Frost: I cannot really say that we had any deliberate plans for expressing any particular atmosphere. We wanted to make it muscular, to have size and a really deep sense of darkness to it. I think the pieces just fell into place as we were working on it. And I guess that the spirit of the album during the creating process was important for bringing us further for the first time in ten years, perhaps more. It was just really fun to work in the rehearsal place. We had this thing that was working with us and we had faith in ourselves and even if we were struggling really hard to find solutions, we felt that we were on the right path all the time and that we were ready to put everything into the album, we could trust ourselves to fulfill the work and take it all the way. We brought our entire spectrum of abilities, our capacities into the album and we felt that we really could do it without trying to do something, it just fell into place. We could bring in the aggression and the intensity, we could also use grooves and epic themes and everything worked together seamlessly. That’s a good starting point I think for taking the whole thing further because that’s when you feel that you’ve grown up to a level where you really understand the composition of songs and you can make them work without trying to push yourselves into a certain direction or feel that you have to struggle with obstacles.


So you kind of grew into this album?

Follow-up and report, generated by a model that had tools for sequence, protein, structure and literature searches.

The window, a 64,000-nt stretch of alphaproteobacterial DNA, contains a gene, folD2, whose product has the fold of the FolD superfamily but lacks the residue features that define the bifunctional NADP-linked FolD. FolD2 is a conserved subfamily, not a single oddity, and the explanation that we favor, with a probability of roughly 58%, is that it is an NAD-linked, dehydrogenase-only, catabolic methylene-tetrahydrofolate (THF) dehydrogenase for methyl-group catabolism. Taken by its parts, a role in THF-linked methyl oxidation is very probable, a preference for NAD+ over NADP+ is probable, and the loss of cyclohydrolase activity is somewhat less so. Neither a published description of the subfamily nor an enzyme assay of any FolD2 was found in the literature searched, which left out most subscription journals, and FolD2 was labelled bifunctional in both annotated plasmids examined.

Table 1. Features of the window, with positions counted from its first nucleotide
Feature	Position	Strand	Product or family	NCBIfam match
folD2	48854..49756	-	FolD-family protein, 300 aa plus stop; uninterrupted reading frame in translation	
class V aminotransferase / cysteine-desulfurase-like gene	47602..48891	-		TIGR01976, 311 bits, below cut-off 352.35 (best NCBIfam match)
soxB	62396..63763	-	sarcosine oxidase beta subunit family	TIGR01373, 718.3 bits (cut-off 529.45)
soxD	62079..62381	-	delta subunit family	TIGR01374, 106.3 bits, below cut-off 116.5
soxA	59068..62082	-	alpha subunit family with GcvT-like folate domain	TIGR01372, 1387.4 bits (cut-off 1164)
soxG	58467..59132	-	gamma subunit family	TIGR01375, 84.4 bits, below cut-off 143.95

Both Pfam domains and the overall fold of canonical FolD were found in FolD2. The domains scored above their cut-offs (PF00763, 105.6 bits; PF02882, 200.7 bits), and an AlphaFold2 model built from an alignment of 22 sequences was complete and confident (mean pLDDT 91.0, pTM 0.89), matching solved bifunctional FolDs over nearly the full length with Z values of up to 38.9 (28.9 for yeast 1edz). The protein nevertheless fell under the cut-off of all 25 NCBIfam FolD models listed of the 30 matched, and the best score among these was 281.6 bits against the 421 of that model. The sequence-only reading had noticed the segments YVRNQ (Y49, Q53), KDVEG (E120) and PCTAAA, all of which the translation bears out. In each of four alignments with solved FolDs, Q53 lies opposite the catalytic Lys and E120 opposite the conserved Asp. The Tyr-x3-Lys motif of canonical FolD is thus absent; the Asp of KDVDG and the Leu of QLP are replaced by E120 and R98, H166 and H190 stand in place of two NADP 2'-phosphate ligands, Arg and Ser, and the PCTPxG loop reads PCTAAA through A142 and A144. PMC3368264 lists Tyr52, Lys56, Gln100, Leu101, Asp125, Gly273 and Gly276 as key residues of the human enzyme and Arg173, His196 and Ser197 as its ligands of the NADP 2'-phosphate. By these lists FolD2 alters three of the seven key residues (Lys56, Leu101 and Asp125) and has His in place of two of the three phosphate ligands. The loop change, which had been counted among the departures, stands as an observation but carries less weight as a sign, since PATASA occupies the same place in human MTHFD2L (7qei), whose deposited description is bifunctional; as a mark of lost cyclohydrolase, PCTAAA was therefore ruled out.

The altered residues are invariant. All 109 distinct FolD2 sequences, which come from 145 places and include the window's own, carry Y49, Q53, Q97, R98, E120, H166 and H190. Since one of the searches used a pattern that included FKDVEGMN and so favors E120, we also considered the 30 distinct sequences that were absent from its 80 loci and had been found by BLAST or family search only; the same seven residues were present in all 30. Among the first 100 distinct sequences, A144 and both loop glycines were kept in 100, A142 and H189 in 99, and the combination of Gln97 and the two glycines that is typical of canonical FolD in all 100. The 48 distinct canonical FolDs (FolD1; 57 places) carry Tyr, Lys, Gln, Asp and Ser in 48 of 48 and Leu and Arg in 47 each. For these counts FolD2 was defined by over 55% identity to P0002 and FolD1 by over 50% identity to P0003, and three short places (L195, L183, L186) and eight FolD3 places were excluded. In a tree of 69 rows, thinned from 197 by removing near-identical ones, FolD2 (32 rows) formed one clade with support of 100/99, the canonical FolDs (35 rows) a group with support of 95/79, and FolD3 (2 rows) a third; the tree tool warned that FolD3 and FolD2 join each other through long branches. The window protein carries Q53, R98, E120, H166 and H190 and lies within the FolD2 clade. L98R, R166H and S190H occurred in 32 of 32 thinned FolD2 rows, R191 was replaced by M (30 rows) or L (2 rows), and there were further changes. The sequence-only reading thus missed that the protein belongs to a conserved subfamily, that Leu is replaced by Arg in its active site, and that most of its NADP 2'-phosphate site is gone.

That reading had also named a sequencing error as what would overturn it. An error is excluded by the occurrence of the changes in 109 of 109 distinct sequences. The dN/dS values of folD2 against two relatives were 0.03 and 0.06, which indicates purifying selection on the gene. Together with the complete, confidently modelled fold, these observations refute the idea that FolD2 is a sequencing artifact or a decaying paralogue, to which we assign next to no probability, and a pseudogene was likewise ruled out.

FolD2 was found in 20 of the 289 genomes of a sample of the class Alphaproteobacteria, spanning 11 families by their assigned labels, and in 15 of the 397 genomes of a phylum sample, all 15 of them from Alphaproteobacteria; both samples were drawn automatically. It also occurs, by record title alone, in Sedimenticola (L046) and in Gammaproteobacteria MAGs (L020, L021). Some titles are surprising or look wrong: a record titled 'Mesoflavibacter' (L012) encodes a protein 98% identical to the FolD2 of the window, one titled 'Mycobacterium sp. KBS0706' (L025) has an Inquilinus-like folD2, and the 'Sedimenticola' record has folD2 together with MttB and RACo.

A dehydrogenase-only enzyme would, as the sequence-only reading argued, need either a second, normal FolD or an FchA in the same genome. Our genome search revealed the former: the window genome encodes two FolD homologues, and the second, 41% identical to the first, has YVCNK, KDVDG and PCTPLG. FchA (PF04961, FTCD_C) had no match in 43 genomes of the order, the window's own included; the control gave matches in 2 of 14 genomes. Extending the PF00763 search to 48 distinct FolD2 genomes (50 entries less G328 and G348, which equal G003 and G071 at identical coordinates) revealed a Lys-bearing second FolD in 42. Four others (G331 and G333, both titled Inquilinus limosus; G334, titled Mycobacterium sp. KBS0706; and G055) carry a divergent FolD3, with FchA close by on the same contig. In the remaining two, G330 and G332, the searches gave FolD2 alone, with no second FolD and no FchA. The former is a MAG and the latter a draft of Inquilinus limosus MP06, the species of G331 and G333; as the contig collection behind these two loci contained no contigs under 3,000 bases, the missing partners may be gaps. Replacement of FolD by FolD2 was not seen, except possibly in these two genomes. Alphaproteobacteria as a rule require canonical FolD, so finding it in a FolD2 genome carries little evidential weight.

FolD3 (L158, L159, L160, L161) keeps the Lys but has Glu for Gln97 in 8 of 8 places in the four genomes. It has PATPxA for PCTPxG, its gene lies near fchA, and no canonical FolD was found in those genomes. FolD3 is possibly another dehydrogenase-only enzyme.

Frost: A lot!


Did you take into account your old school fans when you wrote the album?


Frost: At the moment I’m starting to think that we are doomed to lose. You cannot think of what the fans expect or how they are going to react, that is commercial. It can never work for a band that is so strongly based on creativity and musicians that have devoted their lives to this musical project. We have to stay focused on that and we need the fans to just trust us to do good work. Sometimes there might be albums that certain groups of fans find difficult to deal with, perhaps some new fans will come from this. But we cannot really have our minds there because that would harm the entire process and it would be a huge disturbance factor. At least as of today, we feel that we can trust ourselves to make the kind of album that we ourselves would want to hear. With us being devoted fans of music there is every reason to believe that others are going to feel the same because we share musical taste and understanding with many other people. Bringing it out there is the job that comes afterwards, we take that very seriously as well. When we are working creatively, it’s about us and how we feel about it. We need to fulfill ideas exactly as other artists do. They work with ideas, they don’t think about pleasing an audience or making a commercial product.


Even though you guys have been evolving as a band, Satyricon has always had its own recognizeable sound. What is the most important ingredient for a Satyricon song?


Frost: There’s not one ingredient in particular I suppose. It is difficult, really to approach that subject without being a little airy and speaking about the vibe of the band and the spirit and all that, but somewhere in that picture I think the band’s spirit has a huge place.



How important is it to you that people actually pay attention to the lyrics of your songs?